What do you think about most re: the business?

Discussion in 'Music Business' started by audiokid, Mar 25, 2001.

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  1. audiokid

    audiokid Chris Staff

    Mar 20, 2000
    BC, Canada
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    What do you think about most?

    I'll try this in a few words to start.

    Everyday I wonder, how will I sell my music or will music be worth anything soon.
    What are my options going to be? Should I continue to believe that the future is bright for artists earning a good living or is it, ( making music that is because of the web and the DAW) going to be as common as the stereo itself meaning there will be so many people that have a way of recording that there won't be a pro market like it was. or......is music taking a whole new approach and we are moving towards a new way of marketing ourselves.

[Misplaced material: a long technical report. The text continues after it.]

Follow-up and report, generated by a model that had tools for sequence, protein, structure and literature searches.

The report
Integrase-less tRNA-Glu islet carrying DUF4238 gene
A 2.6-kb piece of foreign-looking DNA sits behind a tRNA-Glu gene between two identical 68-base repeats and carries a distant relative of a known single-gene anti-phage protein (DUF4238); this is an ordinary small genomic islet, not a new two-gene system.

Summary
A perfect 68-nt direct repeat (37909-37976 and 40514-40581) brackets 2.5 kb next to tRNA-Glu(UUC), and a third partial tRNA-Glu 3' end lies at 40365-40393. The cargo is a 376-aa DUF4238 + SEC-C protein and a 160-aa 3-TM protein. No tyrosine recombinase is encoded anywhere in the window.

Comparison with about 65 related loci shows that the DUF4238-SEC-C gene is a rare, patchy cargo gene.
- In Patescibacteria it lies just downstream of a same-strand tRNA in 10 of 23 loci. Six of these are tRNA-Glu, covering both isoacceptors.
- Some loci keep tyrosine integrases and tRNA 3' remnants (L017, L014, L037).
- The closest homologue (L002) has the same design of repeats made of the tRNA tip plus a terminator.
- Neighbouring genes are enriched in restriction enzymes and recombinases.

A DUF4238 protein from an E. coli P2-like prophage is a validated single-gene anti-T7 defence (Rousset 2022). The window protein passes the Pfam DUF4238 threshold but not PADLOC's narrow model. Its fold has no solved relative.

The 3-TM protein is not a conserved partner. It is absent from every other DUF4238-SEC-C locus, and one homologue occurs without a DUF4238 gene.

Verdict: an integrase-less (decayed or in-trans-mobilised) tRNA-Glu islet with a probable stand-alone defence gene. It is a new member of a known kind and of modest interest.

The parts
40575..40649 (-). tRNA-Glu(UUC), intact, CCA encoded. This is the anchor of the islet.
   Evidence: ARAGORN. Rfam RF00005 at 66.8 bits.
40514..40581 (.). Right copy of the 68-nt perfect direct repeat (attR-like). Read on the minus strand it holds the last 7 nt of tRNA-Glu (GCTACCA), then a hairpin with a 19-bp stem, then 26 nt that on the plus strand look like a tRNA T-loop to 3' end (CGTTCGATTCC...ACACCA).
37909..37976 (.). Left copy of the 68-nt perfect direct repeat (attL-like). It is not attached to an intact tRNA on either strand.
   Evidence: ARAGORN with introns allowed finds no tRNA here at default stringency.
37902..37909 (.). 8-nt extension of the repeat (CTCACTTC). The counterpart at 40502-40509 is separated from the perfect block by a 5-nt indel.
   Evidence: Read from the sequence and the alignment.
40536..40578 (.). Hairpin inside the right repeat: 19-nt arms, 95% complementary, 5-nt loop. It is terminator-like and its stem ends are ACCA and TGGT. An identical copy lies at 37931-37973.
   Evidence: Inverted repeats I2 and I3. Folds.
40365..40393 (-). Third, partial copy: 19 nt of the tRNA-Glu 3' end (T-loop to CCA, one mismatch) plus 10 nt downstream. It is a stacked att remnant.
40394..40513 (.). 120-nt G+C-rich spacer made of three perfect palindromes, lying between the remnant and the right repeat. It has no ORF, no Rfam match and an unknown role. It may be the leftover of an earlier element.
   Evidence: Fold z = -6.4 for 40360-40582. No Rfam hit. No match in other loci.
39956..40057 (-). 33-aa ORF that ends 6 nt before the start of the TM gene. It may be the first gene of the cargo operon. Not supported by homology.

Will music be valued the same as it was in the past.

    Will the computer flood the market making every computer guru a recording engineer/DAW musician?

    Is that going to be the norm?

    If we can record comparable quality music on a computer and everyone on the block has a computer then that means there will be tons of music out there.
    And I mean tons of it!

    I'm not sure if these are the questions that should be asked on this forum but I think they will lead into the depth of conversation that I'm wanting to explore.

  2. shermock

    shermock Guest

    Hello audiokid,

    This is just one person's thoughts, take it or leave it...!

    I guess I look at the world, like my mother warned my wife of, through rose-colored glasses. I believe there will always be a way of disseminating quality music product from the rest of the garbage out there. Meaning that there will always be a market for good music that inspires the soul and hopefully turns new people on to music and its impact. There will be more stuff out there that I personally don't care for, but heck if the kids are buying it....! ;-)